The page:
Tennessee House Democrats held a post-session press conference Tuesday voice their disappointment with much of what the GOP supermajority-controlled Legislature passed this year.
Minority Leader Craig Fitzhugh of Ripley was joined by House Caucus Chair Mike Turner of Old Hickory and Memphis Rep. Antonio Parkinson to speak to reporters about what issues they wish the General Assembly would have acted on and new laws they think the state could do without.
Turner charged that the session was a boon for the wealthy Tennesseans and corporations but “if you were in the middle class, it was a terrible session for you.”
Chief amongst the concerns Turner mentioned was the Haslam administration’s overhaul of workers’ compensation that he called “a tax on sick workers.”
“That did not really address the problem that keeps the cost rising—the medical costs—and just took more money out of workers’ pockets,” said Turner.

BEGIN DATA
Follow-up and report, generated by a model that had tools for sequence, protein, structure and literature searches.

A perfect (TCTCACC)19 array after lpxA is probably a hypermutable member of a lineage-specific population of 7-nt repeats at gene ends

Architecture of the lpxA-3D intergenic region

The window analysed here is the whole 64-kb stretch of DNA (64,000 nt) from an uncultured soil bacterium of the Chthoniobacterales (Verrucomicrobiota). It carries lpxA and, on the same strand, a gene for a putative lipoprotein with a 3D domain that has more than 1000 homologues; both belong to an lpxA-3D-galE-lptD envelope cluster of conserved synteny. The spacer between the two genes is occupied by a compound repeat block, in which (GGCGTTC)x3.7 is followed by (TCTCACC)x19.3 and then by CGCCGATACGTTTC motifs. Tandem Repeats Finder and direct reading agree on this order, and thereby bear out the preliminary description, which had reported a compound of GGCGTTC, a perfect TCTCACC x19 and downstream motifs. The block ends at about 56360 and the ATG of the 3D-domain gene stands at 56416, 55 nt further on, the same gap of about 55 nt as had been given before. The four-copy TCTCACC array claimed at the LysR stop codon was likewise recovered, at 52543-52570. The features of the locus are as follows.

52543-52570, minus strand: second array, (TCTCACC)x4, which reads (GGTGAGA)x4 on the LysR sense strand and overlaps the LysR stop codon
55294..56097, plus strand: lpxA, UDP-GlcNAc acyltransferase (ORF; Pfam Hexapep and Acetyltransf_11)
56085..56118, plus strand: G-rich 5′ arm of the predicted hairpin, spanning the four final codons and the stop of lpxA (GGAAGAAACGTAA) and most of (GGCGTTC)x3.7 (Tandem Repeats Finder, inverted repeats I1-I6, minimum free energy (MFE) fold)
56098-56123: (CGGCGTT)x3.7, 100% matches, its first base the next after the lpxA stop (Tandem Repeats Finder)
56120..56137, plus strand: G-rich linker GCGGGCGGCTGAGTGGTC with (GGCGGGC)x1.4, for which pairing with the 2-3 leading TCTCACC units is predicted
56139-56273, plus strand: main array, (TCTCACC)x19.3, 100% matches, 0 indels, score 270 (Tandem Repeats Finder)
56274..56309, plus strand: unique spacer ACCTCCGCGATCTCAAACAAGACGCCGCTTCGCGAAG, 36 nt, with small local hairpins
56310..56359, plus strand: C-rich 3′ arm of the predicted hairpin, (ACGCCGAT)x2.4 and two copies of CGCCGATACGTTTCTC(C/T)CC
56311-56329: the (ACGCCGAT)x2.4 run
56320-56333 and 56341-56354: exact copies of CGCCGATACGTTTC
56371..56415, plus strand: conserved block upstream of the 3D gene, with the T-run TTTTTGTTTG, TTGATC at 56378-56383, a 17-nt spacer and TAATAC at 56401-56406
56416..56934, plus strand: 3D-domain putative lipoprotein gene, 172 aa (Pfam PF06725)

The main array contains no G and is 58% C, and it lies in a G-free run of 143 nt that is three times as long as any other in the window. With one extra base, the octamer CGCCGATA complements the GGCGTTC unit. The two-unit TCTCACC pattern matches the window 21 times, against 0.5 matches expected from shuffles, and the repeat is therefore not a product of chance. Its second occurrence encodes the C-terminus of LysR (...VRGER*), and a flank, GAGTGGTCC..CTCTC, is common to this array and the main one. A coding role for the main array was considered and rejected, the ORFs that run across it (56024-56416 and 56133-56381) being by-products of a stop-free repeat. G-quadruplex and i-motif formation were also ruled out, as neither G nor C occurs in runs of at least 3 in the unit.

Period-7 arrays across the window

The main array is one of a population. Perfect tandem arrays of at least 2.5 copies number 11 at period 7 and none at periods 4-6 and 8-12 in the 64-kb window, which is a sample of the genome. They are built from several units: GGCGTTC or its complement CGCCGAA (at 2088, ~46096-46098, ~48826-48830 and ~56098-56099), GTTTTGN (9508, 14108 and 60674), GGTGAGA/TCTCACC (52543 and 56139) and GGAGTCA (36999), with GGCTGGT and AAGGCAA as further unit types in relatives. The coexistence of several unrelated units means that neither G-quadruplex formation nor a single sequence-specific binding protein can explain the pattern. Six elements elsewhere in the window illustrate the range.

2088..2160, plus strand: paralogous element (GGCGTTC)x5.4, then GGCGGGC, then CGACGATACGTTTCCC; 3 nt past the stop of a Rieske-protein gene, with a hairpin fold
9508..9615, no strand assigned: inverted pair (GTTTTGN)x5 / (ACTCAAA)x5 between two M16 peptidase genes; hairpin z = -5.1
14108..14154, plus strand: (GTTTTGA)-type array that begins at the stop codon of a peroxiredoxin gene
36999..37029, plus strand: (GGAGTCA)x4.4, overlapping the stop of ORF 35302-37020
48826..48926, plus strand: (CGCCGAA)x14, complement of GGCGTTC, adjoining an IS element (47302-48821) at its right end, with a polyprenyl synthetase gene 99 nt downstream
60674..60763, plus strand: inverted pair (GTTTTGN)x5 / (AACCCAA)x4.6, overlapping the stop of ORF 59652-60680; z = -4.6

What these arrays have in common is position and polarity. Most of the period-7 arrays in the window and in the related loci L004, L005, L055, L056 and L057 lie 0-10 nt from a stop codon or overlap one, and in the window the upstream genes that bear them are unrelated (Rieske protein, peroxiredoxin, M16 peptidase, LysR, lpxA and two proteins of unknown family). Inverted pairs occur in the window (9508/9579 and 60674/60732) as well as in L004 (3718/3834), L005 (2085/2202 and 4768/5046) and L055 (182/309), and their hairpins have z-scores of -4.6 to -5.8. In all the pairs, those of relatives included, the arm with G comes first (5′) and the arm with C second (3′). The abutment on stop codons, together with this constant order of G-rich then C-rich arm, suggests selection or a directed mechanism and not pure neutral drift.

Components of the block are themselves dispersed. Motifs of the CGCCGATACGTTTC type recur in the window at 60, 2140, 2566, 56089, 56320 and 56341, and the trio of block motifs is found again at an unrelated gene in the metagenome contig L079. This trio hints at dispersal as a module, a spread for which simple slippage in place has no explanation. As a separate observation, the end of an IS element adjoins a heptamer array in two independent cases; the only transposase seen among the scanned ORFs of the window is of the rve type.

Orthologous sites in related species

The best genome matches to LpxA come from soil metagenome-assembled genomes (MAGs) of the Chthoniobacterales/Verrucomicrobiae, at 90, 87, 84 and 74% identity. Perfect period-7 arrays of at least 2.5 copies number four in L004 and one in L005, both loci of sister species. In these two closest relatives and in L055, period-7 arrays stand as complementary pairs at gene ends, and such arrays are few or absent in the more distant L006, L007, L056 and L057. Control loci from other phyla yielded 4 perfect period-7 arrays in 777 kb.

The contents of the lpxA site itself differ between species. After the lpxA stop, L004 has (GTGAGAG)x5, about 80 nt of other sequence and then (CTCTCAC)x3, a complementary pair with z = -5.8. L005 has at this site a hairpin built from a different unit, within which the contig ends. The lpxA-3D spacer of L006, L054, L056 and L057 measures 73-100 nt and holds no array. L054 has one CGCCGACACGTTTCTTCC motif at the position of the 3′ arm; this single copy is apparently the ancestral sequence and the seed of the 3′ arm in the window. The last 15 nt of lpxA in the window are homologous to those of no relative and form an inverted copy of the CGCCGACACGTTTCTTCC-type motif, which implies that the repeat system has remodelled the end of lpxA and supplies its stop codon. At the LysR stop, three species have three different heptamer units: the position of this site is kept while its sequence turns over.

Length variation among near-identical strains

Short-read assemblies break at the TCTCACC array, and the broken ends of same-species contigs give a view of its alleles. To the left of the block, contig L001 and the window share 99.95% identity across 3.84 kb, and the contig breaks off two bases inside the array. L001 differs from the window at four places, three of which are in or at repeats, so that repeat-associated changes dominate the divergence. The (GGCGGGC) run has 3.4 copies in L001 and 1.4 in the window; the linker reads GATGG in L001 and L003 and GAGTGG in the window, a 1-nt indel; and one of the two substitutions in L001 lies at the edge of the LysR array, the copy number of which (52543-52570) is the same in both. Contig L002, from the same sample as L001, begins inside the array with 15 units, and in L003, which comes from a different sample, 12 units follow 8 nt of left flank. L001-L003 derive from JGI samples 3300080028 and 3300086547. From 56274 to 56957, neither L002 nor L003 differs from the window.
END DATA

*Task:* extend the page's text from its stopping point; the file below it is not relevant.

Leader Fitzhugh, meanwhile, said his biggest disappointment was the governor’s decision not to accept nearly $1.2 billion in federal Medicare expansion money. But Fitzhugh didn’t fault Haslam completely, saying some of the blame rests with his own party for not doing enough to rally their base on the issue.
“I think our problem, as Democrats, this time is we didn’t get the message out to the people who could have been affected, Fitzhugh said. “I think there are people out there that don’t really that they were this close to having the ability to have health insurance when before they couldn’t afford it… and I’m just sorry we didn’t get the word out to more of them so they could have risen up a little bit and tried to convince the governor.”
While the Democratic lawmakers weren’t shy about questioning many of the session’s Republican-backed initiatives, they were hesitant, when asked by reporters, to choose which new laws they thought were the worst, saying they didn’t want to jinx the possibility, however slim, that Haslam might choose to veto some of them.
“There are a lot of things he could veto and we’ll sustain him on probably all of them if he vetoed them,” Turner told reporters. “I don’t want to influence his veto one way or another until after the fact. Come back with that question after—what’s he got, 10 days or something like that?”